On Writing: Love is Not a Plot

Monday, January 28, 2013

on writing: Love is not a plot

I read... a lot. And not just because Stephen King told me I had to, if I wanted to be a good writer. An amazing book takes me one day to finish, and my children go feral while I forget to eat. An okay book might sit in my car for a couple of weeks and get picked up while waiting in carpool lines. A book that I don't enjoy usually gets tossed into the DNF pile and glared at sullenly.

 

Occasionally, I'm obligated to finish a book I would otherwise have set on fire after the first page, and that's when things get weird.

 

After battling just such a book for a week, I struggled to put into words why I hated the damn thing so much. My conclusion? 

 

LOVE IS NOT A PLOT.

 

Here's how to tell if your book suffers from the horrible disease of NOPLOTTITUDE.

 

1. There is no action. Nothing happens.

 

2. The biggest threat is that someone will lose their lover. There are no outside stakes.

 

3. The only action verb in your summary is "learns" or "struggles". 

 

4. You rely heavily on backstory to add interest because nothing is actually happening in the present.

 

5. The book is over 80% dialog.

 

6. The climax of the book is someone having an emotional epiphany. And nothing else.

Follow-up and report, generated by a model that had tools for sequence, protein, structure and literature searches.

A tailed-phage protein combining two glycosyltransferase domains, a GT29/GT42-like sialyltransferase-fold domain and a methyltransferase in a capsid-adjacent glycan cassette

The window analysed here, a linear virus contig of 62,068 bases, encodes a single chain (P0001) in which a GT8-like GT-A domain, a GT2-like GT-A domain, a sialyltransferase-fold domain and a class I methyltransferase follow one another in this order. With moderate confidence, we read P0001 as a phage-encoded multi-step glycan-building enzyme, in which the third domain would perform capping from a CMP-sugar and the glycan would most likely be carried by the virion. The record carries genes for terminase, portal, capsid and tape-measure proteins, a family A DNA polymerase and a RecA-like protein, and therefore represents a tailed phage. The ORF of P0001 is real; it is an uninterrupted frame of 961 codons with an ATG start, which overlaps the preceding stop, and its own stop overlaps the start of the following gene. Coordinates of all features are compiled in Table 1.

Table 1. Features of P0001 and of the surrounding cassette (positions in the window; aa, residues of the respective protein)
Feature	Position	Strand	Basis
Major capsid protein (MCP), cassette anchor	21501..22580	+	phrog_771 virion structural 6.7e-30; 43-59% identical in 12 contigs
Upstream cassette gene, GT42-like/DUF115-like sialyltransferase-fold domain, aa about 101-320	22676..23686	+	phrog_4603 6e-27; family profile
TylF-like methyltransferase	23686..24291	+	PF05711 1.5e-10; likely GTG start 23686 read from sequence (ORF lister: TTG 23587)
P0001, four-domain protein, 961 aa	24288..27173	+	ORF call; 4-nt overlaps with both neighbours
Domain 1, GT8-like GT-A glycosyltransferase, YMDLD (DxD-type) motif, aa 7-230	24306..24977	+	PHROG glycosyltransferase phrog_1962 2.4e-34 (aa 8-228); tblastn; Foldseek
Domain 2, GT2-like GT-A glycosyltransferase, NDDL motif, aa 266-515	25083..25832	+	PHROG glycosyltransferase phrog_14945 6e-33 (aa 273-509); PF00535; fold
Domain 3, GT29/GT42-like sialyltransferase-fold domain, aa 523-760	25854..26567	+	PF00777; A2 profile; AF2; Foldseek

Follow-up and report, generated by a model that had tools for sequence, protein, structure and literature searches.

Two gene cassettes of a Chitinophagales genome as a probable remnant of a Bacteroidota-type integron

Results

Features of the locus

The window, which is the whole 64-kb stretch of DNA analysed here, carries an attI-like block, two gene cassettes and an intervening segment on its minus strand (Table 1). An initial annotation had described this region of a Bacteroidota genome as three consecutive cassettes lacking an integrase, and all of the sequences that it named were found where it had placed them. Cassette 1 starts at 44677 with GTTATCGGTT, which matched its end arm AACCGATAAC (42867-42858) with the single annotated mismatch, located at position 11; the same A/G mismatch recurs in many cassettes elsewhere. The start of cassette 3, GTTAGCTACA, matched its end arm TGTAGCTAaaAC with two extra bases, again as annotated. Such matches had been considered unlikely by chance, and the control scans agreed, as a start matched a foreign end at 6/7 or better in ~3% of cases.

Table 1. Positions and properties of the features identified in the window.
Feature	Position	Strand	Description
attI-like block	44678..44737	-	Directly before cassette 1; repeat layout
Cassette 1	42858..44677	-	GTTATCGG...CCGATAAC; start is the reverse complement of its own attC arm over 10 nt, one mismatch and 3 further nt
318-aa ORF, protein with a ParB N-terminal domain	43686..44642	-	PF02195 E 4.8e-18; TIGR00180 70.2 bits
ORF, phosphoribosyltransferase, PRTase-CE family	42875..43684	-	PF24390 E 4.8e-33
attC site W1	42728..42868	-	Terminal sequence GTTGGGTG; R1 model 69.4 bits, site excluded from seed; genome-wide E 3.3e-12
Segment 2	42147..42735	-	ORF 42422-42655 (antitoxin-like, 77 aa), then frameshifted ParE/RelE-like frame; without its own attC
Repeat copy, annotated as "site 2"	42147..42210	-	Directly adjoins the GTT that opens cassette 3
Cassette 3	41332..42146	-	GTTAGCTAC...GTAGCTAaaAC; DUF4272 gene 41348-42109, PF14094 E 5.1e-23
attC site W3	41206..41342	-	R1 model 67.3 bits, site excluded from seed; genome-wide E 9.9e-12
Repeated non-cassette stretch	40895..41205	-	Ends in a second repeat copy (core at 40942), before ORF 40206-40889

And, yes, I know that there's a cerebral edge to romance, that emotional struggle and internal dialog are vital to the story. And I know that my tastes aren't universal, and that my books are termed "adventures" and have the romantic couples constantly journeying as if I'm terrified of having them hold still for five minutes and get eaten by mutant lobsters. And my way is not the only way.

 

But.

 

There still has to be some driving force other than "two people find a way to love each other despite psychological obstacles." You should be able to sum up your book according to this log line formula:  When______happens to_____, he/she must_____or face_____. If your answer is When Amy falls in love, she must learn to love or face losing the person she loves, there's a problem. 

 

I don't care if it's as simple as a non-threatening motorcycle accident or a blackmail letter or a crazy ex showing up at the door with a gun, there has to be some external plot that draws the story along. In fact, lack of plot is my main (but not only!) objection to the 50 Shades books. "I'm scared to love you" is simply not a plot; it's an experience. And a good writer should be able to craft a story *around* that experience that keeps the reader engaged, the story moving along, and the characters growing through activities other than dialog and sex.

 

In short, if you're plotting your story around a great idea or character, check your log line. Fill in the blanks, and make sure that there are actual stakes. They say love is all you need, but.. it's really not. You should probably throw in a crazy ex with a blackmail letter on a motorcycle.